Pubdate: Thu, 18 Oct 2007
Source: Hope Standard (CN BC)
Copyright: 2007 Hope Standard
Author: Robert Sharpe


Editor, The Standard

Tom Fletcher makes the common mistake of confusing drug-related crime 
with prohibition-related crime in his Oct. 11th column. Attempts to 
limit the supply of illegal drugs while demand remains constant only 
increase the profitability of drug trafficking. For addictive drugs 
like heroin, a spike in street prices leads desperate addicts to 
increase criminal activity to feed desperate habits. The drug war 
doesn't fight crime, it fuels crime.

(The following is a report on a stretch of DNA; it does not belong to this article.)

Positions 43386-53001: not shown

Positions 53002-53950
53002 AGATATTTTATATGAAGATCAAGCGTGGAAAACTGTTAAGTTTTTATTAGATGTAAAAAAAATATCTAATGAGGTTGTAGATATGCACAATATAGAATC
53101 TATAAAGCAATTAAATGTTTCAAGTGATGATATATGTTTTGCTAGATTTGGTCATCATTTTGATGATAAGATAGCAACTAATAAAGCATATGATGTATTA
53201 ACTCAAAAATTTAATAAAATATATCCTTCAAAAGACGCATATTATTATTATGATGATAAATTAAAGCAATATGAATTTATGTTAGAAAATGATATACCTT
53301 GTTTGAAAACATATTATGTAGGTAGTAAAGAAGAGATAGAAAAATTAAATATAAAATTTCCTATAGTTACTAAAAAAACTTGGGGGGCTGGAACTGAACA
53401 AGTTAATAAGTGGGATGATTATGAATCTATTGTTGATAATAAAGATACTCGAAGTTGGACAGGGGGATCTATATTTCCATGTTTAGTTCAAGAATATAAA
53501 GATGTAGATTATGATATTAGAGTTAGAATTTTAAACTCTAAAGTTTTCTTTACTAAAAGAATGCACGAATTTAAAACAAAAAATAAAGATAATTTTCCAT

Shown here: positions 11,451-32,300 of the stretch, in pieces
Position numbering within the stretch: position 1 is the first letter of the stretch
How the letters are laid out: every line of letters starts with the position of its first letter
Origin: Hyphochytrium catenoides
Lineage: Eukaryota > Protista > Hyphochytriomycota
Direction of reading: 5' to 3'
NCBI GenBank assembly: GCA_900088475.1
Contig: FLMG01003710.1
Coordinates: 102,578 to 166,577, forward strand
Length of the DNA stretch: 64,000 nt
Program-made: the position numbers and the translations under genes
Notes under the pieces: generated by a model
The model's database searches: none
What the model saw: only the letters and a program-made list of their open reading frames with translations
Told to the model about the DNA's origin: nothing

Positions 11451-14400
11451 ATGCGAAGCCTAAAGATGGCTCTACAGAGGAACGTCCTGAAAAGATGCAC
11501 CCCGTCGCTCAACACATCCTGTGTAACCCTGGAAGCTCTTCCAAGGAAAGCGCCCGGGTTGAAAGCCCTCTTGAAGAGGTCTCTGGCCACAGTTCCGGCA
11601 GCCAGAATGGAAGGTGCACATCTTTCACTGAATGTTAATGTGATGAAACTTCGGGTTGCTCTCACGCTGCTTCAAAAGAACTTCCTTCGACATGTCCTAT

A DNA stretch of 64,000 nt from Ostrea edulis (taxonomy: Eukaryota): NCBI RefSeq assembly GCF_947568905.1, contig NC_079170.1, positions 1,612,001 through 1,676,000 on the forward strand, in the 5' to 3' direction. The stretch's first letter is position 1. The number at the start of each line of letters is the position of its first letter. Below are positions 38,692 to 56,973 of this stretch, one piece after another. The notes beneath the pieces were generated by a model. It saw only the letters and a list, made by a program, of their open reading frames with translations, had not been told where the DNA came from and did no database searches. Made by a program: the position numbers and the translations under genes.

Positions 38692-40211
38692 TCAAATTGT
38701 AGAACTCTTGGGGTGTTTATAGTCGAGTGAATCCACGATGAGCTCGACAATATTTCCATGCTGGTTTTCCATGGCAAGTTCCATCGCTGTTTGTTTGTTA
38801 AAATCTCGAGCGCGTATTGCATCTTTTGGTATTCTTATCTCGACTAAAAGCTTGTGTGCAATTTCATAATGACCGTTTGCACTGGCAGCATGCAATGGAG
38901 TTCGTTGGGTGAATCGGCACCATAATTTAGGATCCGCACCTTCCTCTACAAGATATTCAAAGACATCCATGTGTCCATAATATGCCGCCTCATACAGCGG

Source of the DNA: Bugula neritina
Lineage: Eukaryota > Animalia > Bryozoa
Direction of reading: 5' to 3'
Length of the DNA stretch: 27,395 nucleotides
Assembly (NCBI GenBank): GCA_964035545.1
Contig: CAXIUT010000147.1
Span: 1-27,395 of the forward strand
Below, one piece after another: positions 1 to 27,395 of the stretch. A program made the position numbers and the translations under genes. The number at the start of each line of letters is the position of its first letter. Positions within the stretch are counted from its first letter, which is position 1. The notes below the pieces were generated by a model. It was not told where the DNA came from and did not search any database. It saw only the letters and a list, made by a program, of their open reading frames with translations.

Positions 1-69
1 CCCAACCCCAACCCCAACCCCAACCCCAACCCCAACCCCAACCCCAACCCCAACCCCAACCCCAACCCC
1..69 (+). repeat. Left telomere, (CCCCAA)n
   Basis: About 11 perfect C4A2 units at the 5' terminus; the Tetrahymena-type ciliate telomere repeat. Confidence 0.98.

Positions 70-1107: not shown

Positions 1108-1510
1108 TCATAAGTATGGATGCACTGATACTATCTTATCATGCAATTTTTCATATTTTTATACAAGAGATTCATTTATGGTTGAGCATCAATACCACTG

The good news is that Canada has already adopted many of the common 
sense harm reduction interventions first pioneered in Europe. The bad 
news is that Canada's southern neighbor continues to use its 
superpower status to export a dangerous moral crusade around the globe.

The United States provides tragic examples of anti-drug strategies 
that are best avoided.

U.S. Centers for Disease Control researchers estimate that 57 percent 
of AIDS cases among women and 36 percent of overall AIDS cases in the 
U.S. are linked to injection drug use or sex with partners who inject 
drugs. This easily preventable public health crisis is a direct 
result of zero tolerance laws that restrict access to clean syringes. 
Can Canada afford to emulate the harm maximization approach of the 
former land of the free and current record holder in citizens incarcerated?

Robert Sharpe,

MPA Policy Analyst Common Sense for Drug Policy
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MAP posted-by: Jay Bergstrom